January 24, 2010
Katherine used to be Miguel. Olin had a girl’s name. And in October, Robert Ira Schnur, 70, became Roberta Iris Schnur, a Manhattan retiree with magenta lipstick and, she noted the other day, chipped silver nail polish. Photo
“I wasn’t like other men,” she said.
Theirs are among hundreds of names a Manhattan court has changed over the last few years for transgender New Yorkers. That tally, specialists in the relatively new field of transgender law say, may make the borough’s workaday Civil Court one of the country’s biggest official name swappers — male names for female, vice versa and ambiguous.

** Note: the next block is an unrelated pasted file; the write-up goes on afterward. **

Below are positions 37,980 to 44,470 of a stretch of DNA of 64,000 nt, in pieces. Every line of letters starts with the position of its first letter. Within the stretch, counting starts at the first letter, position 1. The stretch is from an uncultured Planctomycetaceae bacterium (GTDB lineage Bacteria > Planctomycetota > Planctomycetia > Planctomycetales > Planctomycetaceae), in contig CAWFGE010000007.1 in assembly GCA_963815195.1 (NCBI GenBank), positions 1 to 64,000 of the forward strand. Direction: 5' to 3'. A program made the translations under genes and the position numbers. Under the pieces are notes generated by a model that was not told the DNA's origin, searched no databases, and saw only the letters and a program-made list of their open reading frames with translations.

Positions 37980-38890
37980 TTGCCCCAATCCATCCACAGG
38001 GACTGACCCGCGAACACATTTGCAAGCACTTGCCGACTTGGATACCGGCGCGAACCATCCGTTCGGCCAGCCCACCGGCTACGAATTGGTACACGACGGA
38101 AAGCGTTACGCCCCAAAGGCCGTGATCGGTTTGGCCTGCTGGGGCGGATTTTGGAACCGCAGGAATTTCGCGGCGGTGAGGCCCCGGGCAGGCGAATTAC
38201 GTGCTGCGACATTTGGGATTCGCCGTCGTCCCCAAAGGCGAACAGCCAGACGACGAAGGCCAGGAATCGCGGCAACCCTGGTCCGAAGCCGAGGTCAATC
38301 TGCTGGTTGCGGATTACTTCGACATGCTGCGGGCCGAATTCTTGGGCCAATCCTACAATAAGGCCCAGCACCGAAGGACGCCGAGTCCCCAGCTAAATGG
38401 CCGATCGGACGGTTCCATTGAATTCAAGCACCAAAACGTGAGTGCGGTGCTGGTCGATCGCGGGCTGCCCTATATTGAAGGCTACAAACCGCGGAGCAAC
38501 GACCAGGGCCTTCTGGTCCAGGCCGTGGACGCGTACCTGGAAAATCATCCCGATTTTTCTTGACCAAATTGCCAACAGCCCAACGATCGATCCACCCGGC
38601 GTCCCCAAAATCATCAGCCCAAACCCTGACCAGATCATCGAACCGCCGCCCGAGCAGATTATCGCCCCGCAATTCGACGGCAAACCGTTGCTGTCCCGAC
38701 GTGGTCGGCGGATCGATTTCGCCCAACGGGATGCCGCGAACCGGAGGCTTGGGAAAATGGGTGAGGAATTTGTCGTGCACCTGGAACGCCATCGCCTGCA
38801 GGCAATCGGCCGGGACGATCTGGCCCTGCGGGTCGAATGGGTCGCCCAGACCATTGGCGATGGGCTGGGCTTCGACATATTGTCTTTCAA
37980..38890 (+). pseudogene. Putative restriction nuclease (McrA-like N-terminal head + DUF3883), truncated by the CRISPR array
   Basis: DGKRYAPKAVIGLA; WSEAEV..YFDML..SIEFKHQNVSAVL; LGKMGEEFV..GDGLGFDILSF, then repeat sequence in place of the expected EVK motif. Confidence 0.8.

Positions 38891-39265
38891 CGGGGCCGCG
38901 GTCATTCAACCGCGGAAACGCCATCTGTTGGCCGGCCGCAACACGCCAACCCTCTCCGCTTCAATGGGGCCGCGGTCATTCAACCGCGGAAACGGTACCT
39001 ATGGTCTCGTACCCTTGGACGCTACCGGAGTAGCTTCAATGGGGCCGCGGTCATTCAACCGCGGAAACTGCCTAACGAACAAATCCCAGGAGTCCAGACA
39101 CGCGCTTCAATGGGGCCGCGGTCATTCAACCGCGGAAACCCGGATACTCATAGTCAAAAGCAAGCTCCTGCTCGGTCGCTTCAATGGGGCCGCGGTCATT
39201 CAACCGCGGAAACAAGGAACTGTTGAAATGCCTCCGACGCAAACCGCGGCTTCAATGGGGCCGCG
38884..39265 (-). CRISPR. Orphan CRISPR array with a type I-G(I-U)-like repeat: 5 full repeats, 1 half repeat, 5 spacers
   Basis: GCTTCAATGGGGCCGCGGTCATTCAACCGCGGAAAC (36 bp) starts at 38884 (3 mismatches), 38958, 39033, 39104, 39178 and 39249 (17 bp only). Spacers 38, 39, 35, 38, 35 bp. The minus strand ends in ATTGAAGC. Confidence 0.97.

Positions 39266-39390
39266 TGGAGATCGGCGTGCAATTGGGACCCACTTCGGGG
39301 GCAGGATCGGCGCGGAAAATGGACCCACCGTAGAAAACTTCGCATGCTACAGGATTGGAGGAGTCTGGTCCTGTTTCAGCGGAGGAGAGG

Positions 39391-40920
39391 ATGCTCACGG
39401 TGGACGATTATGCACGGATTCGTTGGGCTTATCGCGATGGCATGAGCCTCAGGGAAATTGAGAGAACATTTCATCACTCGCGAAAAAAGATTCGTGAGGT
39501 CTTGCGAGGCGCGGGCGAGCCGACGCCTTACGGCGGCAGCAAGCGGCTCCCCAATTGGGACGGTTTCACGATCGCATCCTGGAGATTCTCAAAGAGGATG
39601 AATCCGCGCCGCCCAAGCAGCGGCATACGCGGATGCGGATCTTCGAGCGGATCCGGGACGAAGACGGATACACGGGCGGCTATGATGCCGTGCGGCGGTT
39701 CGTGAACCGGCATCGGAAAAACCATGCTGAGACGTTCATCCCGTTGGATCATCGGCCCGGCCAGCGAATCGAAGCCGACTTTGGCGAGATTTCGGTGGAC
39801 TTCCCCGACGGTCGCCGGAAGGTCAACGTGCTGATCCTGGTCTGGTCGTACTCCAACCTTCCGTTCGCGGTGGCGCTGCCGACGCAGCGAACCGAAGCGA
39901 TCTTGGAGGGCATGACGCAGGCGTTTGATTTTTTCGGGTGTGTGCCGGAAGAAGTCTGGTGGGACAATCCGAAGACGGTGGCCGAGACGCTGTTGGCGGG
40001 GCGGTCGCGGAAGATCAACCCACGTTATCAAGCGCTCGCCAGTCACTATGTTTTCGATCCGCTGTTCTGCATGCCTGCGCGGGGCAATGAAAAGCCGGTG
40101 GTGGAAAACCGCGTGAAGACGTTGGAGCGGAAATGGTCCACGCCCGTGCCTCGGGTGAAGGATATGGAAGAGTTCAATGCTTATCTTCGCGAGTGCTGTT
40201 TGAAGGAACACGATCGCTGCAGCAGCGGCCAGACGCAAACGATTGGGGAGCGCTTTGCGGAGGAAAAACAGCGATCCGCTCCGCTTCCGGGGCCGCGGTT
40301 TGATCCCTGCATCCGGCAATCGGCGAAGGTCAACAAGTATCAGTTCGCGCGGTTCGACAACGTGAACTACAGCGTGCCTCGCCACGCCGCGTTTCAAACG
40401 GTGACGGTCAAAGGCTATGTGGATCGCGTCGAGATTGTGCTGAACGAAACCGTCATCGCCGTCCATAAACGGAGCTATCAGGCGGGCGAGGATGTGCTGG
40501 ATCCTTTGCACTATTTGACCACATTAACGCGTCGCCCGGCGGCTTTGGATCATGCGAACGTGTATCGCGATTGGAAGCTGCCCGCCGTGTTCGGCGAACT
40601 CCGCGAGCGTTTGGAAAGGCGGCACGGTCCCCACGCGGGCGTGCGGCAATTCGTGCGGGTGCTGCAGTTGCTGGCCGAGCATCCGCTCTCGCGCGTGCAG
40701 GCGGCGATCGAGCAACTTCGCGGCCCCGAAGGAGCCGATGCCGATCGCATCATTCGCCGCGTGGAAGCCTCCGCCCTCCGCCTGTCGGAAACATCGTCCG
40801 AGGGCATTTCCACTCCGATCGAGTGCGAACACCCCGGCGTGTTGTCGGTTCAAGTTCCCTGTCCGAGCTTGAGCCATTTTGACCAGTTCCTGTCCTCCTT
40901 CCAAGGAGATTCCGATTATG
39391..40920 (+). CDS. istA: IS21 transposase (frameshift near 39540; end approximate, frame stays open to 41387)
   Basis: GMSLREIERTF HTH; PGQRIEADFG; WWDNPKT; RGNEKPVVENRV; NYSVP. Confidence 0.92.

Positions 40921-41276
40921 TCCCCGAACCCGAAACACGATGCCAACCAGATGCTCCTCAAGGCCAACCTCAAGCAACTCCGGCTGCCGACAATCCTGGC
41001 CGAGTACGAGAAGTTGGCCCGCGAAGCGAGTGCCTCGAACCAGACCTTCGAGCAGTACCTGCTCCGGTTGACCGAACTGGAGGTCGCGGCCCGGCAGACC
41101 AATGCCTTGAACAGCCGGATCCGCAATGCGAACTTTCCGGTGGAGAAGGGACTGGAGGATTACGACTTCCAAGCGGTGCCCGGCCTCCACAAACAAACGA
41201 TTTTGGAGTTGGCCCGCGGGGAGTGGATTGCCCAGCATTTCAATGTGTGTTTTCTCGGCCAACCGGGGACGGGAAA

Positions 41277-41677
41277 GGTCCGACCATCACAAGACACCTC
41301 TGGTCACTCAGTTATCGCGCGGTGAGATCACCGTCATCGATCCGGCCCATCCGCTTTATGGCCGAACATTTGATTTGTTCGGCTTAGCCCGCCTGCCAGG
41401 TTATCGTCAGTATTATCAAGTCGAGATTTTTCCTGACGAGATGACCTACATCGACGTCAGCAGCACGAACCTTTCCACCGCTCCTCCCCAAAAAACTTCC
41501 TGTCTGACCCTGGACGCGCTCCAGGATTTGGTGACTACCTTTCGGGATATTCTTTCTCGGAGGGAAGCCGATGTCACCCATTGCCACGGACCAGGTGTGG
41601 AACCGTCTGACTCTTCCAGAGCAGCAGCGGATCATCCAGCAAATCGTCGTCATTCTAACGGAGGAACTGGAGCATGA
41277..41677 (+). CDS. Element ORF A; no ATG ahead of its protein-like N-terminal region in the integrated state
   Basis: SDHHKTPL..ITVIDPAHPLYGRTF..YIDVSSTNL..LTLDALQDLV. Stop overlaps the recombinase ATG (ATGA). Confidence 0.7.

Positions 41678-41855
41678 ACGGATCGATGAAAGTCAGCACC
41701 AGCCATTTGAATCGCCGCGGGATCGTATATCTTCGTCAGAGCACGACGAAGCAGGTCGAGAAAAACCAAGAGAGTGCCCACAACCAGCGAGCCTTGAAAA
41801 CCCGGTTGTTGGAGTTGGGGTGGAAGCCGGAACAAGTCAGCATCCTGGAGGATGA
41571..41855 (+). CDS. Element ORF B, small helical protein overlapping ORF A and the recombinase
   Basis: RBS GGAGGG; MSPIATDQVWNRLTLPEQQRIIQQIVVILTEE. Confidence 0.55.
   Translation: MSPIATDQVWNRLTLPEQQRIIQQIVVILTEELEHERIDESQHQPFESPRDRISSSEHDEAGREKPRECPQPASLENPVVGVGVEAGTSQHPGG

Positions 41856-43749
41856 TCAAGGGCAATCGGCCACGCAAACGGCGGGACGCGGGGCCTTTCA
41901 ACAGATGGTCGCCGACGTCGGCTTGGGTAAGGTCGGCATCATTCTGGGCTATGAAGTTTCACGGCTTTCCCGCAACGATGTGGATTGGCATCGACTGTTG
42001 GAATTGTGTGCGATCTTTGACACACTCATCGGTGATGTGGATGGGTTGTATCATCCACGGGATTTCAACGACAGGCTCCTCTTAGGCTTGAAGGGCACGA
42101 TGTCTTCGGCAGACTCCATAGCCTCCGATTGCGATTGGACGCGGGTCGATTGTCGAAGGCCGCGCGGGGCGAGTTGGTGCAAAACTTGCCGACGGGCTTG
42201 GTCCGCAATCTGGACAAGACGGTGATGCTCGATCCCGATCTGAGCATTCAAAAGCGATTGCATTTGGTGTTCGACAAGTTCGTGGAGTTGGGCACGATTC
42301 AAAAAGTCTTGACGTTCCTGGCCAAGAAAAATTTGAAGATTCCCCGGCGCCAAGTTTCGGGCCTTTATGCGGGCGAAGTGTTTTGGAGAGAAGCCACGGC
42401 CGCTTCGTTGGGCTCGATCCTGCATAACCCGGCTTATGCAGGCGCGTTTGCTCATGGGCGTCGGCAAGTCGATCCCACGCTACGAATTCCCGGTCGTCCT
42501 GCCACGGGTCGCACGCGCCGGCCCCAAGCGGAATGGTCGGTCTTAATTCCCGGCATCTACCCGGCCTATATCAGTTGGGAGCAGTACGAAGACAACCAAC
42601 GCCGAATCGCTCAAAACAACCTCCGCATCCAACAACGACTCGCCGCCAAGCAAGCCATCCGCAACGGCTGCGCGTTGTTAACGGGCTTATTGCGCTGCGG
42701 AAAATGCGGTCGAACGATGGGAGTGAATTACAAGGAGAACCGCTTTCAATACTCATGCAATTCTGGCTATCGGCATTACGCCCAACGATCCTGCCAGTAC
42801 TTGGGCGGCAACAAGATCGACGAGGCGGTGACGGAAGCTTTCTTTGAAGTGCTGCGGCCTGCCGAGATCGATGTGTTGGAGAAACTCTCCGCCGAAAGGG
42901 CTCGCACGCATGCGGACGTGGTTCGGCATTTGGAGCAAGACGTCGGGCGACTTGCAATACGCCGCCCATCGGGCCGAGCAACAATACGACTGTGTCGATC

Changing a name might seem like a minor matter for those who are changing their gender identities and, for some, facing challenges like finding knowledgeable doctors, trying hormones and experimenting with painful hair-removal procedures. But many who have gone through the switch say a name change sends an important message to the world, a message solidified and made official with a court’s approval. Read complete article - By WILLIAM GLABERSON – The New York Times / International Herald Tribune